She's Awake! in Montreal is doing 38 things including…

To learn and practice Buddhism as a way toward helping others.

11 cheers

 

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She's Awake! has written 7 entries about this goal

Helping others?

How about helping myself? Being all zen has not done very much for me in certain circumstances. How about this: get the hell away from the people and things that dis-serve me and make me unhappy; get uppity and protest and move on it, rather than accept them and love them as they are and continue to change nothing while I put up with it?

Maybe I can revisit this goal from a place when things have changed under the weight and force of my pushing them to move the way I want them to.

Change comes from within, as the hotdog vendor said to the Buddhist monk. Seen I think on DanaDanaDana’s feed…



Should this stay or should it go?

I don’t have time to practice per se. But I keep precepts in mind whenever I can.

Time to restart my 15-minute lunchtime meditations – those lunches I’m not at the gym, following up on my fitness goals.



The eight-fold path

Sila is morality — abstaining from unwholesome deeds of body and speech. Within the division of sila are three parts of the Noble Eightfold Path:

  1. Right Speech — One speaks in a non hurtful, not exaggerated, truthful way (samyag-vāc, sammā-vācā)
  2. Right Actions — Wholesome action, avoiding action that would do harm (samyak-karmānta, sammā-kammanta)
  3. Right Livelihood — One’s way of livelihood does not harm in any way oneself or others; directly or indirectly (samyag-ājīva, sammā-ājīva)

Samadhi is developing mastery over one’s own mind. Within this division are another three parts of the Noble Eightfold Path:

  1. Right Effort/Exercise — One makes an effort to improve (samyag-vyāyāma, sammā-vāyāma)
  2. Right Mindfulness/Awareness — Mental ability to see things for what they are with clear consciousness (samyak-smṛti, sammā-sati)
  3. Right Concentration/Meditation — Being aware of the present reality within oneself, without any craving or aversion. (samyak-samādhi, sammā-samādhi)

Prajñā is the wisdom which purifies the mind. Within this division fall two more parts of the Noble Eightfold Path:

  1. Right Understanding — Understanding reality as it is, not just as it appears to be. (samyag-dṛṣṭi, sammā-diṭṭhi)
  2. Right Thoughts — Change in the pattern of thinking. (samyak-saṃkalpa, sammā-saṅkappa)


Go here now - before Saturday

http://www.abc.net.au/rn/allinthemind/default.htm

And download “Teaching your brain to be happy.”

Pass it on.



Facebook has a Zen Buddhist group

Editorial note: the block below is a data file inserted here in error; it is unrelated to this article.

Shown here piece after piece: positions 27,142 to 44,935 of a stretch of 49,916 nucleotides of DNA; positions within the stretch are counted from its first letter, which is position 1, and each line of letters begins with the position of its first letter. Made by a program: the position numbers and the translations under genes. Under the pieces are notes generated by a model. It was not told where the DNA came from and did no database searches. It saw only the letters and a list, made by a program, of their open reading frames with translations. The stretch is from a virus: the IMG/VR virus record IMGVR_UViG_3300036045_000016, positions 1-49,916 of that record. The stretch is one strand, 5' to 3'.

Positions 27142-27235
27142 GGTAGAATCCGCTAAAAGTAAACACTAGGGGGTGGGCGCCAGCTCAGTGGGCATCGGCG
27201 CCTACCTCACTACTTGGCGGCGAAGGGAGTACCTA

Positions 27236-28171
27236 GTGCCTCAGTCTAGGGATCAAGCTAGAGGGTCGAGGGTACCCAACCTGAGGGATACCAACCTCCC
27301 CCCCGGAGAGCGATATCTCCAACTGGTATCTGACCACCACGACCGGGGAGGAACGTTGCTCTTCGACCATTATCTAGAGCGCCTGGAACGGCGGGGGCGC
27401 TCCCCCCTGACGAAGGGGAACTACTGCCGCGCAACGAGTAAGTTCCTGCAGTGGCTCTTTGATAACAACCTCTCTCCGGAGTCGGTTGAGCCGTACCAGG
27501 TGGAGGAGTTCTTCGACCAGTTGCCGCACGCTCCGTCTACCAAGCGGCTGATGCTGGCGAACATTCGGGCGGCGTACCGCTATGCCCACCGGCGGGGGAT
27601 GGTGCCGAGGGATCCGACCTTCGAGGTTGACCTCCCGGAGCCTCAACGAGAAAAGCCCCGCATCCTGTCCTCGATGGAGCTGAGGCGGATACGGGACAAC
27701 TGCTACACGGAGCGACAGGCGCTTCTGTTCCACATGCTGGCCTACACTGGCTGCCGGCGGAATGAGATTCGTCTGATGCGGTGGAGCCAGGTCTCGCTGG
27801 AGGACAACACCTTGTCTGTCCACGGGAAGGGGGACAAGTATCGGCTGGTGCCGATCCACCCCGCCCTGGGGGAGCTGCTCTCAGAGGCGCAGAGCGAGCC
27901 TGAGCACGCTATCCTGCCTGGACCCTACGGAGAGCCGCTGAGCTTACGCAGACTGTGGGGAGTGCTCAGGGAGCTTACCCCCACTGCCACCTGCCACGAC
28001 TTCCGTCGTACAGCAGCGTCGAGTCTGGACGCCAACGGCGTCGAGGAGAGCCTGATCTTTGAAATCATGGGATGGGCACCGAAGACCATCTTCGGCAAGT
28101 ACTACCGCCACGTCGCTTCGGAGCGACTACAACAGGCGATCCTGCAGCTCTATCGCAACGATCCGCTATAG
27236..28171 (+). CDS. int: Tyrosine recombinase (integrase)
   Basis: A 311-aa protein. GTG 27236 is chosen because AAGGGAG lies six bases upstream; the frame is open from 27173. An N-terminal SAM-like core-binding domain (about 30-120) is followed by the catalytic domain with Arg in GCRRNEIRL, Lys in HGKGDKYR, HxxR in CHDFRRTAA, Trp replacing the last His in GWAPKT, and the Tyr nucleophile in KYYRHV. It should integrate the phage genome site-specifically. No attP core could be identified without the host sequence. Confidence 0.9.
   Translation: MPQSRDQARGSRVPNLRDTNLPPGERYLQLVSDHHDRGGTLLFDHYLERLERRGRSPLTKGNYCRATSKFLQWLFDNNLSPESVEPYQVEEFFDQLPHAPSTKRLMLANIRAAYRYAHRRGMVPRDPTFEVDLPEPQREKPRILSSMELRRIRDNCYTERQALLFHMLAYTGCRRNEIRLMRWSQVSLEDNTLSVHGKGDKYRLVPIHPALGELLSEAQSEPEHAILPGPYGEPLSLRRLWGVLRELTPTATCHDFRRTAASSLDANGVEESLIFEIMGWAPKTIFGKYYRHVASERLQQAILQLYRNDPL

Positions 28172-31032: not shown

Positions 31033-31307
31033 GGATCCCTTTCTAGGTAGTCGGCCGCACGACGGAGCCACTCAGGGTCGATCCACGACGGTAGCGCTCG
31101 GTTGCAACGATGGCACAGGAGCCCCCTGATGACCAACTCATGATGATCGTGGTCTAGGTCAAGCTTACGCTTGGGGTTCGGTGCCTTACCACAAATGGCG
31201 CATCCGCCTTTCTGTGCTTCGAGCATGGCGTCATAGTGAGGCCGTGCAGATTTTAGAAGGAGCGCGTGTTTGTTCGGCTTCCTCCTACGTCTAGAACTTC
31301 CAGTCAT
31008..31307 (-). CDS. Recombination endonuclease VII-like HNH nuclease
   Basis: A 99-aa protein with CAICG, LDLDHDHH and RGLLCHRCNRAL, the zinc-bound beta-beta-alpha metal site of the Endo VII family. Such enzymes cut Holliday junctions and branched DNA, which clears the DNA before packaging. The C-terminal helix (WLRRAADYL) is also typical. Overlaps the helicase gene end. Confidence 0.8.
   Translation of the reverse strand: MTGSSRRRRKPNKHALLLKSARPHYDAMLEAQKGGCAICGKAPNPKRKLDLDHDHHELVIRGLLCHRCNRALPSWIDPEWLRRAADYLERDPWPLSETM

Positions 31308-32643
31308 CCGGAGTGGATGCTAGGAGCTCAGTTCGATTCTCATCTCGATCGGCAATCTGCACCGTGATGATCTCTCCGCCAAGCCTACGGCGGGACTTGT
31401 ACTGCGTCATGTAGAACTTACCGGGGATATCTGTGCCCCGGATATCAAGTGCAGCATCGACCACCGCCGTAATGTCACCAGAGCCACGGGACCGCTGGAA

I learned from it already. This is entirely taken from the group’s description:

Zen is a branch of Mahayana (“Greater Wheel”) Buddhism which strongly emphasizes the practice of moment-by-moment awareness and of ‘seeing deeply into the nature of things’ by direct experience. The establishment of the Zen school of Buddhism is traditionally attributed to Bodhidharma in sixth century China.

Zen is the radical approach to Buddhism. Historically, Zen arose as a Buddhist sect resulting from a blend of Taoism and Buddhism. Zen developed in China in the sixth century of the common era when Indian Buddhist missionaries encountered Taoists. Zen spread to Japan via China and Korea in the twelfth and thirteenth centuries, and from Japan to the West at the beginning of the twentieth century.

Zen offers a way of experiencing life directly.

“Zen points directly to the human heart, see into your nature and become Buddha”
Hakuin Ekaku (1685-1768)

To be an actual Zen Buddhist, one has to take refuge in the Three Jewels, like any other Buddhist. This means formally declaring to take refuge in Buddha (teacher and lineage), Dharma (teachings) and sangha (the community of Buddhist monks or more widely: the community of Buddhists).

Then there are the Ten Grave Precepts:

1. Affirm life; do not kill.
2. Be giving; do not steal.
3. Honor the body; do not misuse sexual energy.
4. Manifest truth; do not lie.
5. Proceed clearly; do not cloud the mind.
6. See the perfection; do not speak of others’ errors and faults.
7. Realize self and other as one; do not elevate the self and blame others.
8. Give generously; do not be stingy.
9. Actualize harmony; do not give vent to anger.
10. Experience the intimacy of things; do not defile the Three Treasures.

These can be taken literally, and should be taken literally (at first). Later they should also be realized on a deeper level.



a much better day

I met a man at school who I take a course with and it turns out he knows R. He works with him at the Faculty of Law. So he got to hear a side of R that he didn’t know, and I got to hear a side I didn’t know. Go figure! He’s domineering and aggressive with everyone!

I so wish R happiness and absence of suffering. But until he respects the causes of happiness and avoids the causes of suffering, he will have a little trouble.



Today is Buddha's birthday.

Or, Prince Siddhartha (probably spelled wrong) was born perhaps today in India a very long time ago.

I’ve been dabbling in Buddhism through my Zen class for six months now, but this past week I have been reading Creating Compassion (right title?), which has taught me a lot more about it. I have decided I am going to meditate daily again (see other goal), but add reading regularly about Buddhism, and really practice hard to manage my anger (less a problem with anger, which is present but I have worked on a lot last year; now it’s exaggerated moods that are the problem) and show compassion as much as I possibly can.



She's Awake! has gotten 11 cheers on this goal.

 

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